As far as eFlex’s own system is concerned, says McKiernan, that last requirement in particular has dictated a move away from a previous reliance on the Windows operating system to its Linux counterpart. The migration, which took place a few years ago, has enabled it to deploy a database technology, Mongo DB, which is robust enough to cope with those demands. It has also, he adds, facilitated the use of the latest HTML5 interface to enable distributed, simultaneous viewing of the database. As for the total size of the database that may need to be handled, McKiernan says that the largest one in the company’s user-base has 96 terabytes of storage, a figure that in practice comes down to about 70 terabytes, allowing for a margin of redundancy. It currently stores about 70 million images but is “not yet full”.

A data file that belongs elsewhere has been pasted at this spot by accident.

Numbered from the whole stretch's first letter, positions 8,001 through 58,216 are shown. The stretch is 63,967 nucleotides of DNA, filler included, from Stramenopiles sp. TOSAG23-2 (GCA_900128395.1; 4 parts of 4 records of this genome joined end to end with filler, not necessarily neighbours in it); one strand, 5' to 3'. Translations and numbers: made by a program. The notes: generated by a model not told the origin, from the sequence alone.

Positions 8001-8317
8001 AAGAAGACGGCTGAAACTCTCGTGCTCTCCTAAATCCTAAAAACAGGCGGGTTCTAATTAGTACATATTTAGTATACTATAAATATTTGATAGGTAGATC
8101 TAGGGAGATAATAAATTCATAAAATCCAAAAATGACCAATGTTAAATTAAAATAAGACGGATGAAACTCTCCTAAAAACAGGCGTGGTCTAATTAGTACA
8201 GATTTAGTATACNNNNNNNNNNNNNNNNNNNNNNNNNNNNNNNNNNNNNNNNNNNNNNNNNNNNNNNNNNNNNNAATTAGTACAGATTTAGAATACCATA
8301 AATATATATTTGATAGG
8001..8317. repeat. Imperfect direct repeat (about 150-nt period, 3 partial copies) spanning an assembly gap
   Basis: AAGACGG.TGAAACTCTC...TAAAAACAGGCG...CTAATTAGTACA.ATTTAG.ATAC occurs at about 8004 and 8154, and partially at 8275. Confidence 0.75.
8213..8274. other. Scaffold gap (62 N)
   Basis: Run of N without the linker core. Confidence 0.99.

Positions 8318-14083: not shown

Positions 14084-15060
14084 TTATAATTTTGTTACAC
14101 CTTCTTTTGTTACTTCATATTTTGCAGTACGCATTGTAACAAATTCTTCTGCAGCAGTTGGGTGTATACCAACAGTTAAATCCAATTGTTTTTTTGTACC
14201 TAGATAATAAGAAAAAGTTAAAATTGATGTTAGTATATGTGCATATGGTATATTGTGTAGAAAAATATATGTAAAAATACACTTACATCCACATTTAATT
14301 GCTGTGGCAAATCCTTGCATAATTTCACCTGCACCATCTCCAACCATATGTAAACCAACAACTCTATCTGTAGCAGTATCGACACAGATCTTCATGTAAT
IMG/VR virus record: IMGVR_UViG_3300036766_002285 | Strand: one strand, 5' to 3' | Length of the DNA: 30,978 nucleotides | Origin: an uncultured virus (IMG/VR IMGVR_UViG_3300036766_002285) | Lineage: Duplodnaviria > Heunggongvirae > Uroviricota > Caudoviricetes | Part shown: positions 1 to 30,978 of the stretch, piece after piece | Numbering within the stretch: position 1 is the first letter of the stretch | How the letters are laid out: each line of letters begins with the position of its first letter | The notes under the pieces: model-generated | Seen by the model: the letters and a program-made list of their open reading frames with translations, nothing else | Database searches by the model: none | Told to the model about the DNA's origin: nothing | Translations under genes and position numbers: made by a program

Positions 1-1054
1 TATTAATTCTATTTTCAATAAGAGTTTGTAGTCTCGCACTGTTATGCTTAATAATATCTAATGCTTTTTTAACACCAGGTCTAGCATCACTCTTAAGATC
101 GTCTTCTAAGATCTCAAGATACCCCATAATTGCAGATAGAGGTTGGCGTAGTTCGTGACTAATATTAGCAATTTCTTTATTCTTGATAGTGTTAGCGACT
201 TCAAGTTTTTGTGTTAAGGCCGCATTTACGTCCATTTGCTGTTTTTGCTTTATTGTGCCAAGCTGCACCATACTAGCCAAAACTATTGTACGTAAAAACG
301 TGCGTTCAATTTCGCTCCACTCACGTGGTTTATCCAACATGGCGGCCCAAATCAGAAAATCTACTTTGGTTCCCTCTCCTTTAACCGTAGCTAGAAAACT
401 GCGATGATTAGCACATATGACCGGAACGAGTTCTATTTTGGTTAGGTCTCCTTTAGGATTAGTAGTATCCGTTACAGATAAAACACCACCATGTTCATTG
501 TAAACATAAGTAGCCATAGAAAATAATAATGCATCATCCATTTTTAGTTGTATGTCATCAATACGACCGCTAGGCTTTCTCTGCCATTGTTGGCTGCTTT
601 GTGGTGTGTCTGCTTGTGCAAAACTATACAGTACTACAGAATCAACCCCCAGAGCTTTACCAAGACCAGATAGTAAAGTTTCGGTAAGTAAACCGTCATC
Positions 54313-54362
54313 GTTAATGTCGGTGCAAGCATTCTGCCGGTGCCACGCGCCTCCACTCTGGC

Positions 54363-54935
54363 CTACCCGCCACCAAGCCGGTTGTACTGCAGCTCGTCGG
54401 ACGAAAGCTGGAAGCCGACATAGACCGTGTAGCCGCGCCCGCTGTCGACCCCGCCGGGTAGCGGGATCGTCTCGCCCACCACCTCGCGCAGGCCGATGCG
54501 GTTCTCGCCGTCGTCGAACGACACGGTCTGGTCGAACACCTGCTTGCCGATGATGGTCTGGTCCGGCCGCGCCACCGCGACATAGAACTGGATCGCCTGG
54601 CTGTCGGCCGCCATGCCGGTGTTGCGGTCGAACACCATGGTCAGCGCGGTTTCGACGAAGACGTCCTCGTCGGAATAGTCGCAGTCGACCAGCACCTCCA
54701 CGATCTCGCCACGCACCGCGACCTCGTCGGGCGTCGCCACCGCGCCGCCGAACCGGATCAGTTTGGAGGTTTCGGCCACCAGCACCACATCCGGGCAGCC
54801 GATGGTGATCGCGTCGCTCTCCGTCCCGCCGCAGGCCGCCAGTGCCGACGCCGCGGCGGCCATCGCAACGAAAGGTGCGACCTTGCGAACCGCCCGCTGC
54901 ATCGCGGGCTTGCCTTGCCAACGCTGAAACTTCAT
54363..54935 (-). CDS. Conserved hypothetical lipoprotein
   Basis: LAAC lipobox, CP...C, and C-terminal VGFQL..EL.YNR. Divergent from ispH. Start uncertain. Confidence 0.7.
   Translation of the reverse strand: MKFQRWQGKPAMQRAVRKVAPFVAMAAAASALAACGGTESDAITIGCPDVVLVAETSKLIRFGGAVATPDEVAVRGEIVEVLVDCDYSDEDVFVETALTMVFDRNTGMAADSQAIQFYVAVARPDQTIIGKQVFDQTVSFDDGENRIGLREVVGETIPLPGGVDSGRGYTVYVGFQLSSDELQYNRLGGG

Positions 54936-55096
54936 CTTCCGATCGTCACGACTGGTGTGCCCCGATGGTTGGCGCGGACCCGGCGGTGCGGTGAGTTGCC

Data gathering & integration
A recent project in the US involving what eFlex will only describe as the “2 million square foot transmission manufacturing plant with 2,000 employees of a global manufacturer” exemplifies many of the points McKiernan is keen to highlight. The plant had some 50 PCs gathering roughly 200,000 images per day, but this system was not integrated and required staff to visit each storage area to retrieve images associated with a particular serial number. Even then, there could be no certainty that images would be available. Nor were there any reporting or data gathering capabilities.